Angels will guard you in all your ways

For he will command his angels concerning you to guard you in all your ways‘ Psalm 91:11

One of the precious things about travelling and staying in B&Bs is the stories people share.

Staying in Downpatrick, the burial place of St Brigid, St Columba and St Patrick, Rob and I stayed at a B&B close to Down Cathedral in order to take Holy Communion during Lent. The morning service was very moving. Locals were welcoming and friendly, but it was our breakfast at the B&B that truly blessed us.

The B&B was clean and non-descript. No family photos, paintings or prints gave away details of the owner’s private life. The only personal items hung in the house entry. We hadn’t noticed them the night before but coming down to breakfast, they shone like diamonds in the desert.

Small alabaster sculptures of Irelands spiritual life: Celtic crosses, such as the one seen here, now in my mentoring room, St Brigid crosses, angels, churches, spirals, four-leaf clovers and so on.

I set my heart on the cross you see here in the photo, which was marked 30 Euro. Our host, Margaret would only accept 20 Euro but I insisted. Rob spoke with her about faith blessing, and the notion of paying forward in God. Margaret was very taken with the idea and said moved to leave the dining room to get our breakfast, she said she’d give the extra 10 Euro to a favourite charity.

Rob and I commonly practice a form of Grace before eating meals. That morning we hadn’t realised that our host had returned and was waiting in the doorway with our toast until we’d finished.

Margaret placed the assortment of white and brown toast on the table, stood back, hesitated, smiled, and then walked out. This hesitancy happened a couple of times, until we were finished breakfast and about to leave the room. Margaret then sat down on the couch opposite the dining table and began to open up about her story.

‘I don’t speak about this much’, she began, ‘but I feel I can tell you both.’

Rob and I sat back, both with a sense of Holy Spirit healing in the room.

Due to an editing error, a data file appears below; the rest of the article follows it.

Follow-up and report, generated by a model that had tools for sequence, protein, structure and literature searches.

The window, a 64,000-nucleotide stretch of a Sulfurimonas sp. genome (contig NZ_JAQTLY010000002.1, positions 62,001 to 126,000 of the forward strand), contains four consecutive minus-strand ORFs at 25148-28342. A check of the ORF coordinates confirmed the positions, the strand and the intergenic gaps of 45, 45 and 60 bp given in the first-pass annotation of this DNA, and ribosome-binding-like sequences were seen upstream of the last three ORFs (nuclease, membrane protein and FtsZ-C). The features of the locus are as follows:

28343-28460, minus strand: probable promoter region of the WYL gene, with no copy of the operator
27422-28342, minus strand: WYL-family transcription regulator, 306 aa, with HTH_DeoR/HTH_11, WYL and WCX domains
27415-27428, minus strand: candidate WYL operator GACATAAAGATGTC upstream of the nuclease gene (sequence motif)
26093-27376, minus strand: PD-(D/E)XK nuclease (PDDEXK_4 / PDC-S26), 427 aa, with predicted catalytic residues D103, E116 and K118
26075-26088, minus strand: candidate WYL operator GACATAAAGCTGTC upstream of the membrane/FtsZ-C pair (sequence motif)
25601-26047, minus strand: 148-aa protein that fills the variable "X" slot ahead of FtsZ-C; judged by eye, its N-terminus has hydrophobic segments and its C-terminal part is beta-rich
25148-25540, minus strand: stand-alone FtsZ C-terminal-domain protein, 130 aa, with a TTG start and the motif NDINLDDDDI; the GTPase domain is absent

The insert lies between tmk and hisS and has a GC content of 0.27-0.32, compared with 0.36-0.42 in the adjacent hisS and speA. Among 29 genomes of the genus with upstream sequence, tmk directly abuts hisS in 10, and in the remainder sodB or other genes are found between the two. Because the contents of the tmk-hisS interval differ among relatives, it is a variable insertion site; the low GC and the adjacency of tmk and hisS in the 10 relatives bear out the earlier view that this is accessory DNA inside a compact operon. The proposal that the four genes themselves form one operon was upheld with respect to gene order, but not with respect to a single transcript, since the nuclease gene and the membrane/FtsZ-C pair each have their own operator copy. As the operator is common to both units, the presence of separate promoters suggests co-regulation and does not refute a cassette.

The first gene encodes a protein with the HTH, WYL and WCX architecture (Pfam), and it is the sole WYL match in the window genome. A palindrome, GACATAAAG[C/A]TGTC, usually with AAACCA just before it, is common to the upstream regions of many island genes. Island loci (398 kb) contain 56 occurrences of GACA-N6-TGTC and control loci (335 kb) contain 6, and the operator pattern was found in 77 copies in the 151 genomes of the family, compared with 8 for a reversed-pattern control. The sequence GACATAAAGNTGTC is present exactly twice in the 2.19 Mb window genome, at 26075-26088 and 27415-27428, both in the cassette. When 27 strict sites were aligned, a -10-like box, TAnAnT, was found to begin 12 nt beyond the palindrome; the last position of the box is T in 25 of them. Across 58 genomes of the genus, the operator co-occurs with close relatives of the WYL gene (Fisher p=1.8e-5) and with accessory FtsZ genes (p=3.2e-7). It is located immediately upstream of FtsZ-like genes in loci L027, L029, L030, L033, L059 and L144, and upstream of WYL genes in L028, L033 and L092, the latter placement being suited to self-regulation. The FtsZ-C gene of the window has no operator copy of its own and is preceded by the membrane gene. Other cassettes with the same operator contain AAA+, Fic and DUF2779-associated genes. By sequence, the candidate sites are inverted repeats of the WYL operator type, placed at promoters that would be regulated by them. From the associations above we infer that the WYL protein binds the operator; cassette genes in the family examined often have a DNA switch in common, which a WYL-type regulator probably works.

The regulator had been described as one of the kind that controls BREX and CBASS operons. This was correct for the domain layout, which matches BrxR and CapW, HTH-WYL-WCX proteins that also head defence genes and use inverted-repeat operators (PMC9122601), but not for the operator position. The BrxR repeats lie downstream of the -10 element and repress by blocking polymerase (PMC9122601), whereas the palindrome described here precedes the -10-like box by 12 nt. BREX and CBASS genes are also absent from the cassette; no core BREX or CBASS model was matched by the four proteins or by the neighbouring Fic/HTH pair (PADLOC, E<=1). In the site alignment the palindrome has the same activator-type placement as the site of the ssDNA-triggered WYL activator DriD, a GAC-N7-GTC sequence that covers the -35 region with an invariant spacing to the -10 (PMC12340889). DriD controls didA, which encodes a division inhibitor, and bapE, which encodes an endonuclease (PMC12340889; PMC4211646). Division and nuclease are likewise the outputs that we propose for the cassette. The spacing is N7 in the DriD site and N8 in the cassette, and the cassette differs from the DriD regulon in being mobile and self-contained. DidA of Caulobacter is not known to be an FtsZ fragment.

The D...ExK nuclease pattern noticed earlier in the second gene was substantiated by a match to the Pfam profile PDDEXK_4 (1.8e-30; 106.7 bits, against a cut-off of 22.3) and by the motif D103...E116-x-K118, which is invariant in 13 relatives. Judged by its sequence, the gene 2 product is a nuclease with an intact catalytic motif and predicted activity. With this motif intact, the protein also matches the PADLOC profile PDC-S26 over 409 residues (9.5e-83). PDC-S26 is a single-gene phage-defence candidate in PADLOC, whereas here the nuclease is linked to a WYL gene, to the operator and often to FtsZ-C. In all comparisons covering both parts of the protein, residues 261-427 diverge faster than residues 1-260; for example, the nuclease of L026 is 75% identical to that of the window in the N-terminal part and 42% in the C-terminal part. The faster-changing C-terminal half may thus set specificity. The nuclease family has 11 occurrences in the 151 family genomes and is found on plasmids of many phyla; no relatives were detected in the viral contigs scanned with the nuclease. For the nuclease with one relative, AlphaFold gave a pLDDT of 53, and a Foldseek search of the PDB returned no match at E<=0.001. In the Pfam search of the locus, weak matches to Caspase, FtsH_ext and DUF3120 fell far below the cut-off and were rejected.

Margaret’s story began with her son, Jonathan, aged 5 telling her she mustn’t feel sad when he goes away. Naturally, Margaret asked him what he meant. He relayed that an angel had told him that he would come to live with them as a boy. Margaret hid her shock and fear from her son, but thereafter attempted to make every moment with him as meaningful as possible. She’d been brought up Catholic but was no longer practising and hadn’t been to church since a child. Still, she told us, she had faith.

At 10 years old, John was diagnosed with motor neurone disease.

That year, in an attempt to do anything that might help heal her son, Margaret, her daughter, John and Margaret’s closest friend all went to Lourdes. There, in the grotto where St Bernadette received her visions of St Mary, Margaret begged a reluctant John to stand in the healing waters. After much resistance, the boy removed his shoes and socks and soaked his feet.

Margaret described then a great peace that came upon her boy. She told us how his physical body was never healed but that from that moment on, John went about with a sense of inner ease. When he suffered, he was profoundly philosophical and mindful of others. She conveyed a great love that came from him after Lourdes.

Sadly, John passed a year later.